Saat July—Moments of July (Part III): Who knows the difference between the U.S. and America? (And who knows the difference between the U.S., Mexico, and Australia?)
Instead of updating my blog with frequent posts about “I did this today/I did that today” and ending up with a thousand entries by the time things are done, I’m going to instead try to distill each month into one post full of tidbits from my journal, e-mail correspondences, or memory. I think that this format will (1) be easier to parse through for you, (2) give me a chance to reflect on things before I share them publically, and (3) still provide a comprehensive idea of what my daily life is like in Indonesia.
That being said, I am not prepared to write a Saat July (Moments of July) that encompasses all of my daily habits or important notes. There are three topics I still want to share with you: (1) The Anniversary and purpose of Peace Corps, (2) a short and funny story about local food and media, and (3) a funny story about my failures to explain where exactly I’m from.
I have tried, apparently in vain, to describe to my students the difference between the U.S. and America. I simply want the distinction to be made clear that “America” is a vague word that could describe someone/something from Canada, Guatemala, Chile, Uraguay, Paraguay, or even French Guiana. I spent a good ten to fifteen minutes on the matter in each of my first classes that included a well organized chart and map. I thought I had been successful but a few days later I received three harsh blows on three consecutive days (one from each of my three Counter Parts) that suggested I had utterly failed.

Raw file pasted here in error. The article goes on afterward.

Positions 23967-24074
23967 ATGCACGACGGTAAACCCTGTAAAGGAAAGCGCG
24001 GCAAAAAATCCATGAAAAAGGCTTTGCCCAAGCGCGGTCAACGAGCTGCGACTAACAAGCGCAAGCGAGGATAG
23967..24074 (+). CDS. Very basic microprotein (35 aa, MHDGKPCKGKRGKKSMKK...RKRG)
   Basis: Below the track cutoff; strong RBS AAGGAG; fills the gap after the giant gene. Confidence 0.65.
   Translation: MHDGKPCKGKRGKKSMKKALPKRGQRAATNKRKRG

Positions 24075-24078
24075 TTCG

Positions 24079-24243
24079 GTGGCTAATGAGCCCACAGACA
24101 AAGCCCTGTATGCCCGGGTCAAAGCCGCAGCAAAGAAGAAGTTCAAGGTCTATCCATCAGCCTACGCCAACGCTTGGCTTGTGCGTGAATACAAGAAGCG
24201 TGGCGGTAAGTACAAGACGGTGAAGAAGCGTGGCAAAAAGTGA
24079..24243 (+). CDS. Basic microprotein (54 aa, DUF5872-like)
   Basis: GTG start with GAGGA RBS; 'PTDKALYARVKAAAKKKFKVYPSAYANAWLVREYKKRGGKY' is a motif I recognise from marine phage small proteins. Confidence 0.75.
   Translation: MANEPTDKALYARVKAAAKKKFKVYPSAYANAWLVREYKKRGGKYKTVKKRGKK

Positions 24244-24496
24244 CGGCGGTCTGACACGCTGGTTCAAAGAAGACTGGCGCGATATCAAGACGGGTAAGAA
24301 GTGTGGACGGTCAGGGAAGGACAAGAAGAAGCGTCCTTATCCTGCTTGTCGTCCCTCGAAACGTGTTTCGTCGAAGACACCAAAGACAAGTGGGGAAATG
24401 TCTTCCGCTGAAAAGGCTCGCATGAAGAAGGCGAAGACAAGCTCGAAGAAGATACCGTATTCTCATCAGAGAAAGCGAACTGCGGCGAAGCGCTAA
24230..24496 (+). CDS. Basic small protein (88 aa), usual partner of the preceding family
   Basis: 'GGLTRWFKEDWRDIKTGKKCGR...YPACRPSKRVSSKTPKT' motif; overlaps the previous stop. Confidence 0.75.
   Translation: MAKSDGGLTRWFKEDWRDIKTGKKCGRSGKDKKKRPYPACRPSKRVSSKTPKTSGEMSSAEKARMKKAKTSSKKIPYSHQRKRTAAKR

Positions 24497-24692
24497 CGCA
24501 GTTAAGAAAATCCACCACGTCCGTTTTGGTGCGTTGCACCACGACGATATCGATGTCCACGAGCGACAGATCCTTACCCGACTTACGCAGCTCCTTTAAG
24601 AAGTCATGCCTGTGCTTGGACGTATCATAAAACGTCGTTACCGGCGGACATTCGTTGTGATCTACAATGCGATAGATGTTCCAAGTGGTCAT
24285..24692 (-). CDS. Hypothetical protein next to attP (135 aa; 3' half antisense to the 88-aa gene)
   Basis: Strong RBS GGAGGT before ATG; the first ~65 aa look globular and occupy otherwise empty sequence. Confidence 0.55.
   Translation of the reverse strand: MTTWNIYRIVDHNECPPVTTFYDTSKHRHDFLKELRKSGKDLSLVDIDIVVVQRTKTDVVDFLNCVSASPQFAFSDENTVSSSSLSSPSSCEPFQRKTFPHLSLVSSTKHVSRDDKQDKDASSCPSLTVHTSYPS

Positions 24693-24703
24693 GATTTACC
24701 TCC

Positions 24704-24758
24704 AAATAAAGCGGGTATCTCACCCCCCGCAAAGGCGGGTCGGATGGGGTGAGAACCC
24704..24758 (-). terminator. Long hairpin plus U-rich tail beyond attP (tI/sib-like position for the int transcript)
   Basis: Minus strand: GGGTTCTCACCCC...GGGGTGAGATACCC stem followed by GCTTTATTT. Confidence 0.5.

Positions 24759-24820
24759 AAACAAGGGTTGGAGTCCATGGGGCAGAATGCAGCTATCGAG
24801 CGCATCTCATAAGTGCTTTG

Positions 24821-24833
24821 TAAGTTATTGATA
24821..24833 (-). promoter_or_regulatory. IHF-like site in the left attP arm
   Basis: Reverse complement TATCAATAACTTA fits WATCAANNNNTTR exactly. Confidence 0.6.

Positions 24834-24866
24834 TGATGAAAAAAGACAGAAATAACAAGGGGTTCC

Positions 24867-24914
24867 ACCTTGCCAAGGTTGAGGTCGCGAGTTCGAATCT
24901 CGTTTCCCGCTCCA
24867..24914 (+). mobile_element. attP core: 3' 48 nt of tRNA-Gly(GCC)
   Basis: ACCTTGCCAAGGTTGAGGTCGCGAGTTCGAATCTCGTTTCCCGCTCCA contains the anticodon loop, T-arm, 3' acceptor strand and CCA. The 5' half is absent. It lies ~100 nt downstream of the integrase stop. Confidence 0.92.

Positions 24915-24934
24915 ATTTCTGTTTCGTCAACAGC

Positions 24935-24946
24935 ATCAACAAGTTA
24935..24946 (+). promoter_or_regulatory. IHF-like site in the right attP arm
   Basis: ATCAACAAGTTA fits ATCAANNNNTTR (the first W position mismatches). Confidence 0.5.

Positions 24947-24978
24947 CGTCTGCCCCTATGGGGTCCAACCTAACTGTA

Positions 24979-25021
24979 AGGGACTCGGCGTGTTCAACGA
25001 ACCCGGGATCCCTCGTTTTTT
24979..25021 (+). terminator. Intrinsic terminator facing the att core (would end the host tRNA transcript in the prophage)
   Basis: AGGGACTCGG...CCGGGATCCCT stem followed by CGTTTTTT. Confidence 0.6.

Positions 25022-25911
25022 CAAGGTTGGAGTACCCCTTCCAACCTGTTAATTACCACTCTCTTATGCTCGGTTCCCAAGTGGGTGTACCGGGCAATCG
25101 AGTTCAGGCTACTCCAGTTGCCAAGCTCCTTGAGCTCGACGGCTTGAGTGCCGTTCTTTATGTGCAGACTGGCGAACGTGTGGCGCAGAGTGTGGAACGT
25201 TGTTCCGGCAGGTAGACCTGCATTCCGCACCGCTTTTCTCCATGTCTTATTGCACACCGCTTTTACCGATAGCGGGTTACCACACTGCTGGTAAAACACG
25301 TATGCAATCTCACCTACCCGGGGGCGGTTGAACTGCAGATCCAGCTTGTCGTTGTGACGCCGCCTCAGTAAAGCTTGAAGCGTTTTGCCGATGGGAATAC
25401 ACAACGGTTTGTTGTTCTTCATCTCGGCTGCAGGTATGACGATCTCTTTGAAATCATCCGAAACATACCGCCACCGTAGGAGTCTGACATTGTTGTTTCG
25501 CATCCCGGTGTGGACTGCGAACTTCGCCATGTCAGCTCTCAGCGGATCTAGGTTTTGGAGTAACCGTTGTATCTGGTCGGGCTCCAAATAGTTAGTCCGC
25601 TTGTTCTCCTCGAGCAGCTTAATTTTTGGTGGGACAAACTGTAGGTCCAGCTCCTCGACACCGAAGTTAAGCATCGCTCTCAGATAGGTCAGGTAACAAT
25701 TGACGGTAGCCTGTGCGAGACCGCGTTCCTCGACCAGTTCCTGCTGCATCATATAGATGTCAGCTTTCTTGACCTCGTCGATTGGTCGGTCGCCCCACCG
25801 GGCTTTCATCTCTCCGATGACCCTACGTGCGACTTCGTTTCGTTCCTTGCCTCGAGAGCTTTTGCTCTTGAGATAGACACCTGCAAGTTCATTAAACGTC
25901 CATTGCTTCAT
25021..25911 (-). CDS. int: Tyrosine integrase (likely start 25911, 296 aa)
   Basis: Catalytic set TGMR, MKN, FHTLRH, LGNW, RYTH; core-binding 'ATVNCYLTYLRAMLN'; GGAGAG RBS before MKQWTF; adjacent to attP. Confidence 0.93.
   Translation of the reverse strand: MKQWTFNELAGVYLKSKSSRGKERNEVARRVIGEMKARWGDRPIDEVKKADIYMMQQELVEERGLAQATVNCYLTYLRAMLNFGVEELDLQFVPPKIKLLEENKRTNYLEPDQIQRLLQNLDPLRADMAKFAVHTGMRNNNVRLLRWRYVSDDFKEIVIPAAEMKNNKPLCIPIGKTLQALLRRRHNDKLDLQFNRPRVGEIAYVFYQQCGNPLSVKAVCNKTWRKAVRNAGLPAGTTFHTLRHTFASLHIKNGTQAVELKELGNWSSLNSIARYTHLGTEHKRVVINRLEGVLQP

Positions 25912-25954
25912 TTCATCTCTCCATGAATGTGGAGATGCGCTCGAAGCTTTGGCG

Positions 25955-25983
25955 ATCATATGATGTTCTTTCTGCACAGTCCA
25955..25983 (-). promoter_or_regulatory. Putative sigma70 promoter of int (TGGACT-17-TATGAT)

Blow One: “So Obama is the President of the U.S. too?” …What do you mean? Every Indonesian knows very well that a man who went to elementary school in Indonesia was now my President… “I know he is the President of America, but is he the President of the U.S. too?” I HAVE FAILED.
Blow Two: “When you go back home to Mexico—” I don’t know what was going to come after that because I cut my CP off to provide the reminder that I was not from Mexico. I then had to re-explain that Texas was merely next to Mexico, still firmly a part of the United States (despite Gov. Rick Perry’s envisioned scenarios otherwise), but indeed enjoyed many Latin and Mexican cultural influences. I HAVE FAILED.
Blow Three: “Yes, but maybe they will want to meet our Volunteer from Australia” This was the most dumbfounding. This quote was my Counter Part telling me about the government assessor’s plans to tour my school one afternoon. It took all of my will power to not sarcastically respond, “Oh, when can I meet our Volunteer from Australia?” To be fair, I believe this error arose as a mere slip of the tongue. This particular Counter Part had worked with foreign teachers from Australia before, and I think the word just came out. Still, he didn’t catch it, and I had to correct him. I HAVE FAILED.
In truth, I have taken these failures good-naturedly. I only wonder whether the breakdown was due to the language barrier, a lack of a clear explanation in general, the foreignness of what I was explaining, or lack of attention on the listeners’ parts. Probably a combination of the first two.